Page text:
The past week or so has been interesting to experience, watch, partake and converse about. From the #Me Too ‘campaign’ (although here is a link to the original campaign which did not come from Alyssa Milano), to the media and public’s reactions to Weinstein, to the conversations around raising our sons and daughters, changing our language away from the victims and put the emphasis on the aggressor or the one abusing their power. If you haven’t been thinking and speaking about it, even just a little, maybe you should.

I have struggled with the phrases; boys will be boys and extreme male to define some ‘masculine’ behaviours. I don’t want the males I know and love to be put in the category of masculine if they have to stand next to the power-hungry, human-destroying, women-fearing, pussy-grabbing, consume-at-all costs, kind of men. Maybe the best term for them is sociopathic baby-men-I am not quite convinced but I get what she is saying. We definitely need to stop calling it masculinity. I for one want to raise a strong, empathetic, human loving son. I want him to be able to cry, love and feel deeply for all living things. I don’t want him to have to imagine an unfamiliar women is me or his sister when he is older and partying at a club to be able to not mistreat her. I want his deep respect for all humans lead his decision making. This sounds so basic but it seems not to be our current norm. Culturally we live in a world where we normalise abuse, we accept world leaders who brag of the dominance over women, we use language which puts all of the burden on the victims. (I recommend reading this, Don’t Talk to Your Sons About Sex – Talk About This Instead).

So why is it so hard to stand up to these types of people and why do people silently watch these men abuse their power? Better question, why have I let several men abuse their power over me? This is obviously complicated and highly personal but I bet the story is very, very common. The world tells us to be quiet, to not make a big deal of things, to get over it, move on. This is part of the problem. From older kids, teachers, ‘friends’, bosses, ex partners, strangers; I can actually think of endless examples of men thrusting their attempts of power over me. Some of these attempts have landed with serious actions and have been followed by life changing views of myself. This is powerful stuff. We need to reset our baseline of acceptability. All of us. This is the time to believe victims- it is not easy to come forward.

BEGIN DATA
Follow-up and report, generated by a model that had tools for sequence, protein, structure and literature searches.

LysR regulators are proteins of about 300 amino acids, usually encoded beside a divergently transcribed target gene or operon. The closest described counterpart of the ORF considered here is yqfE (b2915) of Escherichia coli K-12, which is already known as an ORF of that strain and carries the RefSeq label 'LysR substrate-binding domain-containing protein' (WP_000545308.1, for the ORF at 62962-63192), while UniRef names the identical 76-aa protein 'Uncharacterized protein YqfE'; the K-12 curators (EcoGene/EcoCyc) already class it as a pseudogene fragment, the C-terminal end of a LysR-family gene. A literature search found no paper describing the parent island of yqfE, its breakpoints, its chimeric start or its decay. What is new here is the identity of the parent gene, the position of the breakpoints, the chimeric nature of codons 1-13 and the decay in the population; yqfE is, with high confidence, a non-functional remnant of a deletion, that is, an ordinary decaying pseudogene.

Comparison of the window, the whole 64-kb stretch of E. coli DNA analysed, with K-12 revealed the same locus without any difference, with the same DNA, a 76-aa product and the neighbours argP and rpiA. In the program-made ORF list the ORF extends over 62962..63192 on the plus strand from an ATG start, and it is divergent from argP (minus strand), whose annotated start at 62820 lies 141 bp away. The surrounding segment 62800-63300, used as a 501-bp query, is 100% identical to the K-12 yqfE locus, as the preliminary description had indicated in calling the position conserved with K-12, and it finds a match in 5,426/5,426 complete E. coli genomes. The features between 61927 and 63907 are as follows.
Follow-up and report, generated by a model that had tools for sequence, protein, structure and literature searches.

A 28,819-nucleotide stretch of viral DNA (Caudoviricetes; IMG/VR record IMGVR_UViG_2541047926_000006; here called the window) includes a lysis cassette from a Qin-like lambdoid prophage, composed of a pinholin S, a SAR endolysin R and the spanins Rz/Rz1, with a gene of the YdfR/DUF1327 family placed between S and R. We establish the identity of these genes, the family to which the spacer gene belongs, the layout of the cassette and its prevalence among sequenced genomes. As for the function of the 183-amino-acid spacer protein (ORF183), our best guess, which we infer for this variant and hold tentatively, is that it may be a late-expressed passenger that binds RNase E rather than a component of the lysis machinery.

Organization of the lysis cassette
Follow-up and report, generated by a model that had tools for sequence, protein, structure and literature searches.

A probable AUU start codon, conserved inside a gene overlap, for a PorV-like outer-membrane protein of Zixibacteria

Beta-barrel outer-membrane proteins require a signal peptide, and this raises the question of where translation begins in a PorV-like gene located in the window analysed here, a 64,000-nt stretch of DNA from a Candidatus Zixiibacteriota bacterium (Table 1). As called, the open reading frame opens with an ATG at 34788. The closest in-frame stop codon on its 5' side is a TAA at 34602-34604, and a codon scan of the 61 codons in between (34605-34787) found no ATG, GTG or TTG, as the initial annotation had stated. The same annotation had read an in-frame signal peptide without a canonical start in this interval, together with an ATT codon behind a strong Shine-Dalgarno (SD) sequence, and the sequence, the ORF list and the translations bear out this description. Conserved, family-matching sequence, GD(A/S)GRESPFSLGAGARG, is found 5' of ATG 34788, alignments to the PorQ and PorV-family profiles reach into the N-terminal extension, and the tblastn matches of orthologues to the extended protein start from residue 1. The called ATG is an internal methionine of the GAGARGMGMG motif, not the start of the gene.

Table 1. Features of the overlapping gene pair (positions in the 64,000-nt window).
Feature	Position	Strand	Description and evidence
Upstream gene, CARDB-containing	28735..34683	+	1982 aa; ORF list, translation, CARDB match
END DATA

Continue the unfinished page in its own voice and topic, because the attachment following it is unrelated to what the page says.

There are so many little ways the balance of power is played out in what some might consider small incidents.
I can actually give an example which happened just last week.  I received a creepy, unsolicited instagram message from someone I do not really know. I met him once at a café a few years ago. The text was about a dream he had and was extremely creepy, ended with I love you and was totally out of the blue. I ignored it at first, thinking that it must have been sent by mistake. Then I remembered my friend saying she thought he was shady so shared it with her. Instantly she was angry and wanted to take action. This happens when you doubt yourself a bit. My friend doubted herself enough not to confront him at the time. She just avoided him and moved on. When someone does something a little off but does it in such a way that you question yourself. These are skilful predators. This is one reason why we must not respond to ourselves or to others with anything but support in the first instance. But we don’t. Even as I wrote this paragraph, there were doubting thoughts about what others might think. Will some folk think that there must be more to the story; that I must have done something to warrant such message. Nope. I did nothing, absolutely nothing.